Duties and responsibilities of a senior manager

Managers in a senior-level position may possess many of the same responsibilities as a manager, though on a more strategic level. They often have five to 10 years of managerial experience and specialise in a particular area of business, like marketing or accounting. These are some common duties of senior managers:

Guide supervisors

Senior managers may manage supervisors and managers who work under them. They provide guidance and assistance to these professionals to fulfil their duties and perform well in their respective roles. Senior managers who are in charge of several supervisory roles may have significantly greater responsibilities than professionals in those supervisory roles.

For example, a senior marketing manager may be in charge of several supervisors and managers in the marketing department of a company. The managers and supervisors may be in charge of a team of executives. While the supervisors and managers guide their respective teams, the senior manager is responsible for the productivity and performance of the entire team, consisting of executives, supervisors, managers and clerical staff.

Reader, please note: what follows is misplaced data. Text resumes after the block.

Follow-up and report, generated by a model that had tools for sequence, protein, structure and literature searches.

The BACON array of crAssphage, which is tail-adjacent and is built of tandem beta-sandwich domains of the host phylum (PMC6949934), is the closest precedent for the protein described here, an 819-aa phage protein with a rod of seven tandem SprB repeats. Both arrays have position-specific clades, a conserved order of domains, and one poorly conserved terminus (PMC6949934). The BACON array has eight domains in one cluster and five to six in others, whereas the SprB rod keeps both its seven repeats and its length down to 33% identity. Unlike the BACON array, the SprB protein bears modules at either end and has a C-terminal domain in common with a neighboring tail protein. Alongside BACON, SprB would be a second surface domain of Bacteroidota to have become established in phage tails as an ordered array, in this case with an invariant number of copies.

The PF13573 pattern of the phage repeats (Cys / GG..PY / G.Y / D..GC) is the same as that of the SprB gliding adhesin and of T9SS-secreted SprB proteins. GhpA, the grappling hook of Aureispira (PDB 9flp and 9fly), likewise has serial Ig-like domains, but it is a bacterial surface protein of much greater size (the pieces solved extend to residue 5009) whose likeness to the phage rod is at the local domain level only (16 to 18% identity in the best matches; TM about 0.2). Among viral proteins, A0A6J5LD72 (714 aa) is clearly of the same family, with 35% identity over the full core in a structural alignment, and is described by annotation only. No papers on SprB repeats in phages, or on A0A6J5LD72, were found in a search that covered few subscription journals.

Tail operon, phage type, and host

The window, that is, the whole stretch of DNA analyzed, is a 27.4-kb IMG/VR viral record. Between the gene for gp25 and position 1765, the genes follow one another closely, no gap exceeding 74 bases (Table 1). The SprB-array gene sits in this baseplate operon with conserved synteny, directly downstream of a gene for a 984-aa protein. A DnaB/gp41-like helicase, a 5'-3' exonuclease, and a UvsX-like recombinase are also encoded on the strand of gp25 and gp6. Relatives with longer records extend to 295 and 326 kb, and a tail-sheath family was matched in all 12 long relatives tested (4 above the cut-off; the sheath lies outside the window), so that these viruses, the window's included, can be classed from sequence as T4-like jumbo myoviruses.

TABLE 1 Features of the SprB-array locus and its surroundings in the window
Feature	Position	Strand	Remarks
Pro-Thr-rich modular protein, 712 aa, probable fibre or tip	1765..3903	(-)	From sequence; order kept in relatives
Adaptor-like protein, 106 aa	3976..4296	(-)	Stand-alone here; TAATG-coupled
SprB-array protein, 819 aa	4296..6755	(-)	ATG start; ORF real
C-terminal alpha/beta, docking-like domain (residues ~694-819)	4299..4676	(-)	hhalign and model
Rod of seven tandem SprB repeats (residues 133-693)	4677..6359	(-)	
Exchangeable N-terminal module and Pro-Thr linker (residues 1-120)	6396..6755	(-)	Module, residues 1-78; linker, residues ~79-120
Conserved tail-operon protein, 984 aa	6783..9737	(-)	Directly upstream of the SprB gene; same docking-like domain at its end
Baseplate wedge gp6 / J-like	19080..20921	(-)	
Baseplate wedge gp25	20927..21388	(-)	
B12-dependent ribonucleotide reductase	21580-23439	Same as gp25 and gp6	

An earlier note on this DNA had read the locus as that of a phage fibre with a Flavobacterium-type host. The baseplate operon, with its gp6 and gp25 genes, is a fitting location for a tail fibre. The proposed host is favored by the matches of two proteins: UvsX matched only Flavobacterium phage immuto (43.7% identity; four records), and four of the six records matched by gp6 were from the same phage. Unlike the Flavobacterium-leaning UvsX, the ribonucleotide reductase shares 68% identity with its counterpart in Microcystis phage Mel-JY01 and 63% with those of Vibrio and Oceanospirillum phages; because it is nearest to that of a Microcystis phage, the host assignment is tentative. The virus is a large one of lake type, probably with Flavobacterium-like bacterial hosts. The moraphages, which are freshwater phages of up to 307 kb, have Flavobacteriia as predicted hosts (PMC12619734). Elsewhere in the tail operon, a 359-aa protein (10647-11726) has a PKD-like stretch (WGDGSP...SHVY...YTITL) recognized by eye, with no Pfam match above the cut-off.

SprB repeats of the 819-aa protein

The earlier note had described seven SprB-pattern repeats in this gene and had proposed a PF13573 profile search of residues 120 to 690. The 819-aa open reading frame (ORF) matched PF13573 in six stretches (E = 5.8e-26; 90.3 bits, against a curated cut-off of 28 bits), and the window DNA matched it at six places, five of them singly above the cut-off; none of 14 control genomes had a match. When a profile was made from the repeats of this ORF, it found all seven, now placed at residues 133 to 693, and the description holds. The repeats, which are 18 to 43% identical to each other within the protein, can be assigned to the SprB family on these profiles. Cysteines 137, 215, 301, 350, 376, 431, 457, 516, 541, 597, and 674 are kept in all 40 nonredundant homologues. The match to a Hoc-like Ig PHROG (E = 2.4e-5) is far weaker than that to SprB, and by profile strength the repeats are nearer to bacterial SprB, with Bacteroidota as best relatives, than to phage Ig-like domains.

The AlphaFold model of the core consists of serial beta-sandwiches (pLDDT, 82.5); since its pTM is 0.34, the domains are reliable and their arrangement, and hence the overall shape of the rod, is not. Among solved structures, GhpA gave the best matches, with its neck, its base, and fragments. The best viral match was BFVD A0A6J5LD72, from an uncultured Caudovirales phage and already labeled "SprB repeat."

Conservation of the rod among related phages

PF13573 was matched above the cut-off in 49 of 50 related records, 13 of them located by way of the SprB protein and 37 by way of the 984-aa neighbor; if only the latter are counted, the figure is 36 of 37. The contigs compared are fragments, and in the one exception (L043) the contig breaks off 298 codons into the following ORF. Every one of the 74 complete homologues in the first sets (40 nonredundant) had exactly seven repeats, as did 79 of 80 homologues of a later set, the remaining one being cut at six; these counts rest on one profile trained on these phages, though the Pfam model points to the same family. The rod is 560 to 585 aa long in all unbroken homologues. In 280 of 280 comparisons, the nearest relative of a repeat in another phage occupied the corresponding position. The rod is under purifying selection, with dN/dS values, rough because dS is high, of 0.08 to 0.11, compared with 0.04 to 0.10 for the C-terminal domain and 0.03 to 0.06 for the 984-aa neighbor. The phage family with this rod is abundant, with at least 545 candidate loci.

Approve hiring and termination requests

Managers rarely have the authority to hire or terminate employees on their own. Although they may evaluate candidates and provide recommendations, the final decision-making power usually rests with senior management officials. To perform well in their role, a senior manager can develop a comprehensive understanding of a company's specific needs, goals and work culture. Senior managers usually have several years of managerial experience and hence, may have the capability to make appropriate decisions relating to talent management.

Related: What Is Termination? A Complete Guide

Create organisational objectives

Typically, senior management officials are in charge of setting the organisational goals of a company. They usually employ strategic planning processes to identify, set and monitor such goals. This involves a variety of tasks, including:

  • Detailing a plan of action

  • Communicating expectations clearly

  • Setting a timeline for achieving goals

  • Assigning responsibility

  • Holding professionals accountable for actions and decisions

Related: What Is Organisational Development? (Goals And Benefits)

Make critical decisions